Authors : Kathleen Gregory, Helena Cousijn, Paul Groth, Andrea Scharnhorst, Sally Wyatt
Open research data are heralded as having the potential to increase effectiveness, productivity, and reproducibility in science, but little is known about the actual practices involved in data search and retrieval.
The socio-technical problem of locating data for (re)use is often reduced to the technological dimension of designing data search systems. In this article, we explore how a social informatics perspective can help to better analyze the current academic discourse about data retrieval as well as to study user practices and behaviors.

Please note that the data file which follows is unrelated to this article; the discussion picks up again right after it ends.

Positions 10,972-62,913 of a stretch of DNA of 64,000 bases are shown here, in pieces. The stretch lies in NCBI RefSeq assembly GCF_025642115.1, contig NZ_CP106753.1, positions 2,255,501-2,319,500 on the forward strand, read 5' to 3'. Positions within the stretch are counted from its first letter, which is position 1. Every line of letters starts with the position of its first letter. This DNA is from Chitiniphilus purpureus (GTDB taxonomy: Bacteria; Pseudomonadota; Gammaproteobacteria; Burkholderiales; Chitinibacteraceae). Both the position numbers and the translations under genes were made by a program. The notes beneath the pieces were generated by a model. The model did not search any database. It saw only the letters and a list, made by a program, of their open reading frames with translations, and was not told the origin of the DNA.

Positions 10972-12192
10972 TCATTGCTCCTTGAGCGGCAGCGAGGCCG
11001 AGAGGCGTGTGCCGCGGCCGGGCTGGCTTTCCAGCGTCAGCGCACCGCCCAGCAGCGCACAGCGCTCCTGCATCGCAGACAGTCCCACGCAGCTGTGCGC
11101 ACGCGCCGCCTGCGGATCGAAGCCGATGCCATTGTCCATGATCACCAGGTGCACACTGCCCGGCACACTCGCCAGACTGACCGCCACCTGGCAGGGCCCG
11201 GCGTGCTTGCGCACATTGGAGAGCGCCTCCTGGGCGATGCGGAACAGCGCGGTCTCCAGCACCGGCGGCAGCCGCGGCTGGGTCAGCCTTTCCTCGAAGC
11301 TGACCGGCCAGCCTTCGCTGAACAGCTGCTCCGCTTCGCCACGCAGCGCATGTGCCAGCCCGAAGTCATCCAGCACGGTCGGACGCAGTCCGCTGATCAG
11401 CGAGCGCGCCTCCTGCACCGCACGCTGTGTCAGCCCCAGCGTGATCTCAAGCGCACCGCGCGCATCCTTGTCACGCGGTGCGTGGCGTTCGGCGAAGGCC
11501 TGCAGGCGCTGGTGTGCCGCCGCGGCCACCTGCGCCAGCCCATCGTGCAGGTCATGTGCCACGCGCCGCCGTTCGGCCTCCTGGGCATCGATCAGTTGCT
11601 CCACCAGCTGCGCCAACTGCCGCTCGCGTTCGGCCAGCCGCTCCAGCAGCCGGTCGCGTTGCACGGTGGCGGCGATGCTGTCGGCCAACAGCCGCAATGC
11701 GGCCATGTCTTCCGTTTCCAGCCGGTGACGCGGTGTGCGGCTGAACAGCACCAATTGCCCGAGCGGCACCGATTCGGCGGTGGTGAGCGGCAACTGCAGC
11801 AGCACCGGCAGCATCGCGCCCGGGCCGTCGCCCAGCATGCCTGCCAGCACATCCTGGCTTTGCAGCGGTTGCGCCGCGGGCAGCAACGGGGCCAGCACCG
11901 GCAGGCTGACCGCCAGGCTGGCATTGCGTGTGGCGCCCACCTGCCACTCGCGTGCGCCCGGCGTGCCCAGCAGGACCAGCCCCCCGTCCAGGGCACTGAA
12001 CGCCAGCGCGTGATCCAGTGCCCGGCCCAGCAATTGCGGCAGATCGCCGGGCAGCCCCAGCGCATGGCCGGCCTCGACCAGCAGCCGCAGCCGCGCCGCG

We employ two methods in our analysis – bibliometrics and interviews with data seekers – and conclude with a discussion of the implications of our findings for designing data discovery systems.